Bank Failures and Other Unintended Consequences
Silicon Valley Bank was one of the leading U.S. financial institutions with over $200 billion in assets. Last week, it went under because of a run on the bank that occurs when many depositors simultaneously withdraw their money, and the bank does not have the assets to meet its obligations. SVB was not the only failure, as Signature Bank also went belly-up. At least part of the problem began as the banks invested customer deposits in U.S. government bonds. While government bonds are risk-free when held to maturity, rising interest rates cause the mark-to-market value to decline. Early liquidation leads to losses, causing these banks to default.
Silicon Valley Bank was a leading institution supporting emerging small-cap technology businesses. The failure threatens funding for the current and future start-ups that become tomorrow’s technology innovators. After a very nervous weekend, the U.S. regulators and government stepped up to guarantee deposits. Still, the failures have left many investors fearing ongoing systemic risks caused by the sudden interest rate rise and regulators that fell asleep at the wheel.
The trajectory of Fed rate hikes
- Short-term rates rose from 0.125% in March 2022 to 4.625% in March 2023.
- Quantitative tightening at $95 billion monthly pushed rates higher along the yield curve.
- Higher rates=Lower bond prices.
- The Fed continued to say more rate hikes are “appropriate” as late as last week.
The consequences of higher rates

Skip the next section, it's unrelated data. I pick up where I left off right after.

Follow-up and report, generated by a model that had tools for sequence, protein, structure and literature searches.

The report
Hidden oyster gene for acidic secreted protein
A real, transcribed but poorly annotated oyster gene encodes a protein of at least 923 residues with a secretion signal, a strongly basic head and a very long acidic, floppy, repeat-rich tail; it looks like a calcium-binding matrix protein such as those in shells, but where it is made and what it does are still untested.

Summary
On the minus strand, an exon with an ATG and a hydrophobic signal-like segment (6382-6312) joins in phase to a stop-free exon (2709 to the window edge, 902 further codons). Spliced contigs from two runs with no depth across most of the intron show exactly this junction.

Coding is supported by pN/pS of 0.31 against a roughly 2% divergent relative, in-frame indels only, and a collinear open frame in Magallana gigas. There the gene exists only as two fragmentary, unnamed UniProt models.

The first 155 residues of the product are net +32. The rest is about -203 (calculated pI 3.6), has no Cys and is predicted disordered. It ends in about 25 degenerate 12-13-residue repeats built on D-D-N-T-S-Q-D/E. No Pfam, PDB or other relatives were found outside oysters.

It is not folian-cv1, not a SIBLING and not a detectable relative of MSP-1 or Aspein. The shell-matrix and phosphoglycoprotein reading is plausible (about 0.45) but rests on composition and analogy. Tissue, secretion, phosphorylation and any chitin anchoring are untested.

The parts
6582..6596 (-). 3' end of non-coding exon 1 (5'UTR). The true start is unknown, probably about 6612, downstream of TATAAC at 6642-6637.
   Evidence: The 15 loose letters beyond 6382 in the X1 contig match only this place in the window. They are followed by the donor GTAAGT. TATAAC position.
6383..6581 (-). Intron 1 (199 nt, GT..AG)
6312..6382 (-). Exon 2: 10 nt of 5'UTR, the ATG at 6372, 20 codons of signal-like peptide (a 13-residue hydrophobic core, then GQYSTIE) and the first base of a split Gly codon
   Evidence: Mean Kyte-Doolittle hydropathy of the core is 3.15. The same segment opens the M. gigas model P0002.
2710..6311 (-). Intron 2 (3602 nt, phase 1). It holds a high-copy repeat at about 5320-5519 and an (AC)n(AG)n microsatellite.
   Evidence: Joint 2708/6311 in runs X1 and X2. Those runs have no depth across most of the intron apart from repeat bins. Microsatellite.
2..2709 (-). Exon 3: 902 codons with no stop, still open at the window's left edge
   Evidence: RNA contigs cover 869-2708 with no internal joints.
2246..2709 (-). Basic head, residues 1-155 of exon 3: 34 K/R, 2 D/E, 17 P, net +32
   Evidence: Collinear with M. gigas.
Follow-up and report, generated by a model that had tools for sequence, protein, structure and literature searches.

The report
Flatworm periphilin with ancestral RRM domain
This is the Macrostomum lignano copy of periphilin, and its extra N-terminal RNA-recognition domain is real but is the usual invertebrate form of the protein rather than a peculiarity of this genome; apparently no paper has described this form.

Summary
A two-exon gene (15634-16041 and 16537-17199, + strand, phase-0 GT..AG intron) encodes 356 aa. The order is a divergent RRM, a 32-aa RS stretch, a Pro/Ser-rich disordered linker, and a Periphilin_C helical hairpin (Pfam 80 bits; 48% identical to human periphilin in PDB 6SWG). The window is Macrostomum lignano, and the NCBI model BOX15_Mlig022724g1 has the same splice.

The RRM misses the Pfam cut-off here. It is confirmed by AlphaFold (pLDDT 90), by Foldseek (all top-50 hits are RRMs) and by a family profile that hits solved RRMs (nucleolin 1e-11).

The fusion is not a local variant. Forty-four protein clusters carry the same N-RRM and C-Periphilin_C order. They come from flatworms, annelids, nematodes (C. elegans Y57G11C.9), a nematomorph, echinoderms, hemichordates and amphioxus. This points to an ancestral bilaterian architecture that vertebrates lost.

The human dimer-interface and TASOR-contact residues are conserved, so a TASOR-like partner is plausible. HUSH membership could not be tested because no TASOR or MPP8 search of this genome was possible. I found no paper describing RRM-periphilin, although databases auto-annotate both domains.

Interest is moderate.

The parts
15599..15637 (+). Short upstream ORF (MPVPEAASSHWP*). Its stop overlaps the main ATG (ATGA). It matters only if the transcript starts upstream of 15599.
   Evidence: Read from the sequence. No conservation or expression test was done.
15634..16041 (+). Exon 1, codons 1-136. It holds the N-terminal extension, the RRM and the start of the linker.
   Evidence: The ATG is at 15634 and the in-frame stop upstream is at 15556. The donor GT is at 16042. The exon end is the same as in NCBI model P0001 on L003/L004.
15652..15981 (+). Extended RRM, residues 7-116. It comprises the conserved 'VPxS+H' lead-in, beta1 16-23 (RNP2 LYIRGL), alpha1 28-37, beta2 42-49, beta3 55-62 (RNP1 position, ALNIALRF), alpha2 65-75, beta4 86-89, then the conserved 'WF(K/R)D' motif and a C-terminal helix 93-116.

- Rising rates cause capital to flow from stocks to bonds.
- The leading stock market indices fell in 2022.
- After a slight correction, stocks moved lower over the past week.
- Higher rates cause the economy and innovation to slow as capital flows to fixed-income assets.
- Long-term investments in government bonds have mark-to-market losses in a falling bond market.
- Individual and business investment slows, leading to recessionary pressures.
A reactive central bank and government
- The Fed waited too long to increase rates in 2021, calling inflation “transitory” and blaming the economic condition on pandemic-related supply chain issues.
- The Fed’s current hawkish monetary path is a reaction to the highest inflation in decades.
- The Fed has been reactive as it is data-driven, and data is a snapshot of the past.
- Government policymakers are always concerned with systemic risks but have only established policy changes after adverse events.
Regulators were not proactive
- The 2008 financial crisis and failures led to stringent stress tests for U.S. financial institutions.
- The stress test failed in Silicon Valley Bank and Signature Bank’s cases as the regulators and the Federal Reserve Bank of San Francisco did not realize the risk of owning long-term U.S. government bonds and its impact on increased depositor demands.
- The regulators, like the Fed and government, are reactive, not proactive bodies.
Markets reflect the economic and geopolitical landscapes
- Rising rates may temper demand-side inflation, but they may not impact the economy’s supply side.
- The war in Ukraine and the bifurcation of the world’s nuclear powers impact global supplies, trade, and cross-border transactions and trade.
- The political division between the administration and the House of Representatives, and within the voting public has caused a bifurcation of political agendas and gridlock in Washington, DC.
- Time will tell if the recent bank failures cause systemic risks and if the Fed continues its hawkish monetary policy, which could cause more unintended consequences.
- Regulators will react, but being proactive is another question that requires a significant agenda shift.
- Protect against and prepare for volatility in markets across all asset classes.
Thanks for reading, and stay tuned for the next edition of the Tradier Rundown!